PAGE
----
The clothes you design for women are also worn by men and vice versa. If Martians landed on Earth and asked you to explain what masculinity means, what would you tell them?
I would say, “Sorry guys, you’re asking the wrong person.” At best, I could say that people used to be divided into two bipolar genders, but they aren’t anymore. The ambiguous has replaced the unambiguous. It’s like a color palette: anyone can choose the hue that suits their sense of self. My grandfather and father were dressed like little girls at their communion, with long dresses and roses in their hair. For years I walked past a statue at a museum in Rome that had a woman’s face and body. The disconcerting thing was that it also had a penis. I thought, okay, a hermaphrodite. But one day I stopped and read the sign next to the statue. It was Venus, the goddess of beauty. In classical Greek and Roman culture, beauty was created through the combination of feminine and masculine. The Catholic Church eradicated this heritage with fire and sword. My fashion aims to revive it.
Tom Ford—the Texan designer who turned Gucci from a sleepy, bankrupt legacy company to a money-making machine in the 1990s—considered sexiness the number one fashion priority for women. Would you agree with that?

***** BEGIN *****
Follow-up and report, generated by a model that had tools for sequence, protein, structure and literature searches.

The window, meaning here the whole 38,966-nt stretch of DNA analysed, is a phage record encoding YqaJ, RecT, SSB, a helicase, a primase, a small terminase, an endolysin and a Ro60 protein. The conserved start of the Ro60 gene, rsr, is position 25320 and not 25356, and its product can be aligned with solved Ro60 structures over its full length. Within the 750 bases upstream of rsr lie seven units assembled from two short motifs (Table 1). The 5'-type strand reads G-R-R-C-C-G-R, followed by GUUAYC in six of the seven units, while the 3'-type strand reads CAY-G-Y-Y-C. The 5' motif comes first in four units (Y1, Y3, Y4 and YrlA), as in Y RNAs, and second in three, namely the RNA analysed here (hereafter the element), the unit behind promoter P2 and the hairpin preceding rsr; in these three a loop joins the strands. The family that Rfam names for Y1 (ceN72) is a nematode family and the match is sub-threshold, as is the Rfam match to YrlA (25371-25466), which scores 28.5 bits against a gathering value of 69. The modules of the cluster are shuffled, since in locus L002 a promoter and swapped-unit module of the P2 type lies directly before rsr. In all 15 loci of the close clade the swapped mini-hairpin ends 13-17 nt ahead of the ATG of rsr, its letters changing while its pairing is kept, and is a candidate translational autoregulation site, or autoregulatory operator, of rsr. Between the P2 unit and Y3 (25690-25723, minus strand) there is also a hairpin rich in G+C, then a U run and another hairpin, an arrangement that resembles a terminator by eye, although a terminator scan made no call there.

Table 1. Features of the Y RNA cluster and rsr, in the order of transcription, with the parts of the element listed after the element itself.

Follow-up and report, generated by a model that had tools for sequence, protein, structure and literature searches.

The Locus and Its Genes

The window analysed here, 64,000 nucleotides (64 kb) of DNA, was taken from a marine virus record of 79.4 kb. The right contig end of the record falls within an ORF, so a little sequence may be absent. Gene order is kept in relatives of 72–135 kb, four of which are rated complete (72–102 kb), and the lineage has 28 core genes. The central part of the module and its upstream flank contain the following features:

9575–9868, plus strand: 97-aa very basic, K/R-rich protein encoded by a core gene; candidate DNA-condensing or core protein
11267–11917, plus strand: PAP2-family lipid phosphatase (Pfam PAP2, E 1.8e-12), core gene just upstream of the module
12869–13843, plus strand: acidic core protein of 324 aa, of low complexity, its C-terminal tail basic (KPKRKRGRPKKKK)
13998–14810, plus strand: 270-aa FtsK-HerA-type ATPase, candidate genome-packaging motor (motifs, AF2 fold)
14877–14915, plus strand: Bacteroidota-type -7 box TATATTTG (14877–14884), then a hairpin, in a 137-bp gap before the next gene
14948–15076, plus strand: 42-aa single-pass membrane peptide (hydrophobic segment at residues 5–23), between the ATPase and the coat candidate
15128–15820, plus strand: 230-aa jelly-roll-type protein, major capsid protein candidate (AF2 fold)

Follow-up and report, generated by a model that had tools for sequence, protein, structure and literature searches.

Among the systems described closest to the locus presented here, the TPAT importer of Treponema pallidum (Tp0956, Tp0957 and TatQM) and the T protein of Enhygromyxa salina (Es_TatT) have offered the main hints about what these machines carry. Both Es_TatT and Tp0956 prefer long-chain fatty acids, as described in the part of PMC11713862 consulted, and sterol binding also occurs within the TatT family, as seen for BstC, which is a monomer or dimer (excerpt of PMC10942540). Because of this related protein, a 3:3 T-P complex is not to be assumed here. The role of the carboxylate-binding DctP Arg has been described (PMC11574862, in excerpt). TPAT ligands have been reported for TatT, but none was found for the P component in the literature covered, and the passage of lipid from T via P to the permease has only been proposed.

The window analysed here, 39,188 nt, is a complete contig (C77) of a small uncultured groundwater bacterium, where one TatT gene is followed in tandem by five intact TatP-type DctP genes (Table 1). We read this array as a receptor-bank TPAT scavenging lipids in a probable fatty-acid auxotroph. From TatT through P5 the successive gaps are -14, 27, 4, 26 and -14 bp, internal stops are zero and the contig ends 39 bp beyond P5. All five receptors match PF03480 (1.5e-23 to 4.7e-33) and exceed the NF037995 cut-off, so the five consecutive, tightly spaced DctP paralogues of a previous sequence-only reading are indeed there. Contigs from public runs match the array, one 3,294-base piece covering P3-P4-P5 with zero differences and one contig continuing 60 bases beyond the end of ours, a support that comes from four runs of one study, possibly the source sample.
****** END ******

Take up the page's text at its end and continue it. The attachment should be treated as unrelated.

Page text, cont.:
Tom is still Olympus, but the word “sexiness” sounds old-fashioned in my world. Beam with joy, smile sensuously, move elegantly, tell an exciting story, express an interesting thought, resist the terror of symmetry—then you are desirable.
What do you mean by the “terror of symmetry”?
Real beauty is based on asymmetry. But we are about to obliterate any asymmetry, because people want us to believe that symmetry is more beautiful. But regularity is synonymous with boredom. I have been accused of using unattractive models. Anyone who thinks like that is still living in the 90s. My casting criteria are the stories a model tells with her face and body. These stories make a person unique, and that’s what it’s about today. Everyone wants to be unique. Tom’s models were blonde beauties, but we live in the age of Instagram. Nowadays, almost anyone can look like a Hollywood star with an image editing app. Instead of an agent, all you need is an Instagram account. The stupid thing is that the Olympus of beauty is no longer an elitist, lonely place. You’ve got the masses frolicking around there.
You are 45 years old. Are you a fan of media like Instagram?
I’m rather skeptical, but that’s a generational thing. At my age, a person is manipulated by social networks rather than manipulating others with them. Being on Instagram at 45 feels like being 80.
When Tom Ford became the creative director of Gucci, he ordered all employees to use black pens. When someone expressed a desire to keep his yellow pen, the pen was photographed and the image faxed to Ford for a decision. Are you like that?
No, I find breaches more inspiring than flawless aesthetics. Look at what I’ve got on. I’m wearing knee socks made of thick wool with sandals. I like clothes that look like they’ve been worn for years, so I have them wash new things until they have a vintage look. Whenever I give something to someone to iron, I say the things should look like they’ve been lying in a suitcase for a few days.